A short flight

IMG_3762This week my travels took me on a low-cost Ryanair flight from Stansted to Cologne on the banks of the Rhine.  Back in the 1990s, I was involved in the European validation of the generation of the Boeing 737s that the Irish airline uses.  So, it’s interesting for me to fly on, what is now the most popular civil aeroplane in passenger service.  Overall, when comparing the passenger experience on what was an internal European flight with my experience of an internal US flight last week, I’d give Ryanair points of praise.  That’s despite the delayed return flight that was put down to air traffic control and the aircraft carrier like landings.

Viewed from mainland Europe the notion that Britain should flirt with a “no deal” Brexit isn’t credible.  To risk a whole Country’s wellbeing seeking highly speculative benefits and potentially big costs is beyond what sober, sensible and democratic Governments do.  So, many people I have spoken too remain mystified by the state of play of the Brexit negotiations.  Why go for a lose-lose situation when a win-win is the best outcome?

Whatever the outcome of the negotiations, it’s clear that the lives of UK nationals residing in, and travelling to and from, and inside the European Union (EU) are going to be complex.

To get over this, there’s been an increase in the number of people acquiring the citizenship of other EU Countries.  One of the most popular nationalities is German.  I know of Brits who are going through the process, language training and all, and mean to see it through.

Life becomes complex.  There’s a bit of that when it comes to the immigration ques at airport passport control.  Will UK nationals follow the signs with the EU flag and Swiss flag anymore?

Also, I was reminded on the difficulties Americans have using their US driving licences in Germany.  Will Brits undergo the need to take a German driving test if they stay for a while?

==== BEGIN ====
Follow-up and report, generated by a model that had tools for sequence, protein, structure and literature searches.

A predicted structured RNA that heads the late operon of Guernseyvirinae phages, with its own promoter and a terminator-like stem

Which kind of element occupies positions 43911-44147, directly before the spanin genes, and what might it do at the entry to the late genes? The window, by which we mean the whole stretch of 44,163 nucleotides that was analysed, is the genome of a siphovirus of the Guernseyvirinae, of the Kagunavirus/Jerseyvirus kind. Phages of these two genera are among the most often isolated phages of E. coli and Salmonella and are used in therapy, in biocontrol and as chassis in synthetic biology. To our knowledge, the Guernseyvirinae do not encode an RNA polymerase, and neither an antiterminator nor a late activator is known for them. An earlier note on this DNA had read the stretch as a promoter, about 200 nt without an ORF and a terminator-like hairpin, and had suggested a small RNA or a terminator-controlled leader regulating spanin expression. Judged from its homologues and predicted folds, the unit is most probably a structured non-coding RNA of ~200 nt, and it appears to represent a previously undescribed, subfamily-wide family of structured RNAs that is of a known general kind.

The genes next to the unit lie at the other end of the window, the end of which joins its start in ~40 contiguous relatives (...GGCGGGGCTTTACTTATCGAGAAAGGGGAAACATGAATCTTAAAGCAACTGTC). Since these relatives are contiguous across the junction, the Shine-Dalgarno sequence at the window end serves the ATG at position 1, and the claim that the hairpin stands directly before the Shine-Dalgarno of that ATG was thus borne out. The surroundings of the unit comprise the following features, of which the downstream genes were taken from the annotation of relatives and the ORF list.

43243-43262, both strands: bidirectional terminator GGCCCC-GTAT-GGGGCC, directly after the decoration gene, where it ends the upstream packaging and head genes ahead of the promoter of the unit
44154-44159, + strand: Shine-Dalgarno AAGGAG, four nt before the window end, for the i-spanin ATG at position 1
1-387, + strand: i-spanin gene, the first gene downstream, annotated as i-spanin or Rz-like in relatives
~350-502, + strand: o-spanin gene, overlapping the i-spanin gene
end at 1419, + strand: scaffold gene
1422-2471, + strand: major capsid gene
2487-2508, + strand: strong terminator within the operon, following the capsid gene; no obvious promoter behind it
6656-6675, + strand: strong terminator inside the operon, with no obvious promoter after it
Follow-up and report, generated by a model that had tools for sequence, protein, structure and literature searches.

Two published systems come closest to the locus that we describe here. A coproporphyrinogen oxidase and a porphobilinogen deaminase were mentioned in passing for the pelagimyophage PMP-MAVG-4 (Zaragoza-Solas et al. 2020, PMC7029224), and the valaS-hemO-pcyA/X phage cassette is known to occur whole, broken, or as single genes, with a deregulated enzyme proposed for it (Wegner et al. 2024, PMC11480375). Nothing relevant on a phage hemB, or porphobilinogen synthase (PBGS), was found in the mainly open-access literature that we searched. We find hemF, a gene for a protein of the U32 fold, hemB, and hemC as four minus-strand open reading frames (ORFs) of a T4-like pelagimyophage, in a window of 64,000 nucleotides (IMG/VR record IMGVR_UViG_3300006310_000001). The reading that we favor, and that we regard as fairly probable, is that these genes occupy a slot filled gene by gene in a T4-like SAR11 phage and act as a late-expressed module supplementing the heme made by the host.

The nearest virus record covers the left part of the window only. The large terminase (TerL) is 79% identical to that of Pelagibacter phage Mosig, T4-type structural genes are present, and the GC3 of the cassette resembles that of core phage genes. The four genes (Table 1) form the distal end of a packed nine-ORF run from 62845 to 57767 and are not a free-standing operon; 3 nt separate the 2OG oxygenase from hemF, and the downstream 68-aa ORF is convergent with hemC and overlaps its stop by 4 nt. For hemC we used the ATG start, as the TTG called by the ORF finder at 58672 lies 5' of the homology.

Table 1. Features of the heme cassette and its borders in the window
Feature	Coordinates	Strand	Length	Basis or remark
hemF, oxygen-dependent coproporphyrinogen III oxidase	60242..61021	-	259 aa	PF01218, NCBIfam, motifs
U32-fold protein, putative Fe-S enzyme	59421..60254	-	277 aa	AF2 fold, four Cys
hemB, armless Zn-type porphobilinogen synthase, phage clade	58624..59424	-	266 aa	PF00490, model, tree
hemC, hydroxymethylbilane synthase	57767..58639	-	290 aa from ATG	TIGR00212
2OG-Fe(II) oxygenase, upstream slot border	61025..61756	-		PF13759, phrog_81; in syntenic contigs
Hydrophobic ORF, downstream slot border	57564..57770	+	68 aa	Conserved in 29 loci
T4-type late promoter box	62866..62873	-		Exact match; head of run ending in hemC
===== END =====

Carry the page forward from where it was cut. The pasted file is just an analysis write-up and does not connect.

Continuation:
Currently, we await the Government’s Brexit White Paper.  One can only hope that the coming days will provide a degree of clarity and unity.  Whitehall will do what it can with an almost impossible task.  So, the words on the page might be “imaginative” to say the least.

However, we have seen meltdowns of UK Governments before and so that maybe on the cards too.  It was Thatcher’s Poll Tax that threw a huge spanner in the works the last time we saw a complete reversal policy.  The late 80s and early 90s were good times for me but the British political landscape was shifting, and the old guard was being replaced.  It’s likely we in a similar period.

Aviation & Brexit 15

So, what have I learnt over the last week?  It’s a mixture of facts and feelings.

It’s a significant week in that it’s now two-years since the UK referendum vote that resulted in a move to leave the European Union (EU).  Let’s recall that the decision to leave was based on a marginal win by those campaigning to leave and the result was unexpected.

I’m sure it’s true for numerous industrial and transport sectors, including aviation that we can say the progress made by the UK Government to secure a good exit deal is appalling.  It’s much the fashion to talk about performance-based rules in the aviation regulatory world.  If we were to measure the performance of the UK Government against even the lowest levels, they would come out with a great big fail.

With less than a year to go to the scheduled leave date in 2019, its clear that organisations are getting more nervous and extremely concerned that uncertainty continues.  At a time when implementation plans should be tabled its seems the UK Government hasn’t even worked out its immediate policies and strategy for aviation.

Having been in a hot and steamy Washington D.C. this week I’m reminded of the huge benefits of international cooperation[1].  On trade, it’s right that global competition works to deliver the best aviation services at the lowest prices.  The exception to that sentence is: safety.  Only an absolute fool would compete on safety.  To their great credit the major manufacturers and the major authorities all agree not to compete on safety.

In practical terms, that means through formal agreements there’s a growing trend to share safety information, increase transparency and to respect one another’s aviation regulatory systems.  Gradually as confidence and trust are built so these agreements have been expanded.  In fact, that’s what happened last week[2].  Advancing agreement are Europe, US, Canada and Brazil as they all have significant aircraft manufacturing activities.

Where a UK separated from Europe will sit in this mix is unclear.  There’s undoubtedly a strong wish that there will be continuity and the great contribution the UK has made in aviation is not lost.   However, industry and the regulatory authorities are subject to political risks as much as any other risk.  Risk is often looked upon as a combination of the likelihood of something happening combined with the severity of its impact.  Since the likelihood of a the most severe Brexit is increasing it doesn’t take a genius to see why people are getting more nervous and extremely concerned.